The Lady of the House

Isabella Stewart Gardner left strict orders: The palazzo she built on the Fens should never, ever change. But museum director Anne Hawley has some strong ideas of her own. Inside her radical—and risky—plan to propel the beloved institution into the 21st century.

The Gardner trustees knew what they’d be getting into when they zeroed in on Anne Hawley for the vacant director position. “They saw her as a turnaround artist,” says Laura Roberts, a nonprofit consultant who teaches a case study on the museum at Tufts. But when new board member Arnold Hiatt, the chairman of Stride Rite shoes, first approached Hawley, she told him she wouldn’t be the right fit for an institution so opposed to change. Plus, she was deep into planning a Boston-based international art fair that she hoped would bring new artistic vibrancy to the city. “Arnold said, ‘You can do that at the Gardner,'” Hawley recalls. “And I said, ‘What?’ He said, ‘Well, we need to bring the Gardner back to life.'” Hawley put aside her plans and took the job.

For one of her first public appearances at the Gardner, a patrons’ dinner, Hawley dressed in a black gown with a string of pearls around her waist, evoking Gardner’s own attire in John Singer Sargent’s iconic 1888 portrait. “A breath of fresh air accompanied Anne when she first walked through the door,” Hiatt says. “She’s kind of a latter-day Isabella.”

The message the new director was sending was unmistakable: The museum would no longer be a memorial to a long-dead matron. Instead, she would channel a more dynamic vision of Gardner, and bring in the types of artists and musicians Gardner herself once hosted. Underscoring the point, Hawley encouraged the staff to stop referring to the woman by the formal “Mrs. Gardner” and start thinking of her in more-approachable terms as “Isabella.” “Her spirit was what we wanted to invoke,” Hawley says. “The problem is, the museum became her tomb after she died. I just thought that kind of way of looking at it was over.”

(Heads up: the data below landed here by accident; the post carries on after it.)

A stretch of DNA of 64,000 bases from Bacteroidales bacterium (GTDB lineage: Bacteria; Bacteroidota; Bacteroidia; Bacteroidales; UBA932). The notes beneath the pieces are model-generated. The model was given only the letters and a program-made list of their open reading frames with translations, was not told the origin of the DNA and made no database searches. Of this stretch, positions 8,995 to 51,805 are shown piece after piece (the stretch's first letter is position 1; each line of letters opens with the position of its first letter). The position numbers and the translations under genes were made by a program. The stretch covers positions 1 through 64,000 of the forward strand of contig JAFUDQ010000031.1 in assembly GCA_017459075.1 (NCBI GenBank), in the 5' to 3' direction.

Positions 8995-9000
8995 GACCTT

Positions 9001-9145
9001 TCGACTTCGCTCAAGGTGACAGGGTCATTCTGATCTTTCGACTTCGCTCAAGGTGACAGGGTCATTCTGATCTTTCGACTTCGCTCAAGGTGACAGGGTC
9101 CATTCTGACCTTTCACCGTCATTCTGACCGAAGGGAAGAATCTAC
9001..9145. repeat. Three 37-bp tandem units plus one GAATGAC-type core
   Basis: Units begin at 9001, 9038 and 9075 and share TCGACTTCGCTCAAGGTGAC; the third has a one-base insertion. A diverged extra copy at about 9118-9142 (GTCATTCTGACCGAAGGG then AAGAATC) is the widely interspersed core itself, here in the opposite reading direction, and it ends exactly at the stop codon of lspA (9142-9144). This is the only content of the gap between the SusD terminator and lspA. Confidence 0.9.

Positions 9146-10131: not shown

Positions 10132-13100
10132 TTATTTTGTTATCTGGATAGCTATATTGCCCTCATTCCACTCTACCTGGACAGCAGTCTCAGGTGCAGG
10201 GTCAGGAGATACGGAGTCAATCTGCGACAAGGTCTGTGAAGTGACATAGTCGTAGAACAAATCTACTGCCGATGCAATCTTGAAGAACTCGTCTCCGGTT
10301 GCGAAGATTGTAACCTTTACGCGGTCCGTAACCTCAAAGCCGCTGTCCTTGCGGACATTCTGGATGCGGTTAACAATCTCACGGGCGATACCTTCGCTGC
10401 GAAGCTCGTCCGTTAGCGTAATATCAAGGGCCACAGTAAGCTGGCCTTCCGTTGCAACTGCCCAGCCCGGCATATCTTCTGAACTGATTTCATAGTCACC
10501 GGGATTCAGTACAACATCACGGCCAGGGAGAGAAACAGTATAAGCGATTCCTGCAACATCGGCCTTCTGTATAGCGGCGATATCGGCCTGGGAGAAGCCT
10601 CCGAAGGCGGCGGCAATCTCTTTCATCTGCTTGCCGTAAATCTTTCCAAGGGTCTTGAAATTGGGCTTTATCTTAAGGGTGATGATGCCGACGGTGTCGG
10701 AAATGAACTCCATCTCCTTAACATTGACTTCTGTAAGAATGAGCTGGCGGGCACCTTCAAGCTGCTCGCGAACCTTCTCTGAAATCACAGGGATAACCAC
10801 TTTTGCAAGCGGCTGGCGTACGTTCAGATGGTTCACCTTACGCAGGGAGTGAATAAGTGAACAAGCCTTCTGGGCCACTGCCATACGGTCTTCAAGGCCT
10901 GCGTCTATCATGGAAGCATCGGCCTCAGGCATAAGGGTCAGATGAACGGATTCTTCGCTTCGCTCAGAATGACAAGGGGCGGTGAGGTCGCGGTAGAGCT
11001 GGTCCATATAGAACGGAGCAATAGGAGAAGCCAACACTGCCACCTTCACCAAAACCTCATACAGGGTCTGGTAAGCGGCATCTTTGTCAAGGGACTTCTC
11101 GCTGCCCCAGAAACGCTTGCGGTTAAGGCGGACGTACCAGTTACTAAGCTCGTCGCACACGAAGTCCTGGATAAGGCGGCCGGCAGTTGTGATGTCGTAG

Corresponding with Hawley’s arrival was the decision to convert the director’s quarters into offices. The trustees had hoped to build a modest administrative wing behind the museum, but to save money, they decided simply to move the staff to the fourth floor instead. The renovation required petitioning the state attorney general for permission to deviate from Gardner’s will, and drew heated criticism from the arts community. Arguing against the project in the journal Art in America, one Wellesley College art historian ominously predicted, “The Gardner Museum will never be the same again.”

Nonetheless, the court was swayed by the argument that the change was essential to the museum’s health and should go forward—as long as modifications were reversible (hence the long-unused bathtub in the bathroom). Still, the precedent being set was worrisome to some. “There’s a concern here that once you change the will, you open the door to a lot of changes,” a museum employee said at the time. “The whole question of the fourth floor is a question of what’s going to happen to the future of the museum.”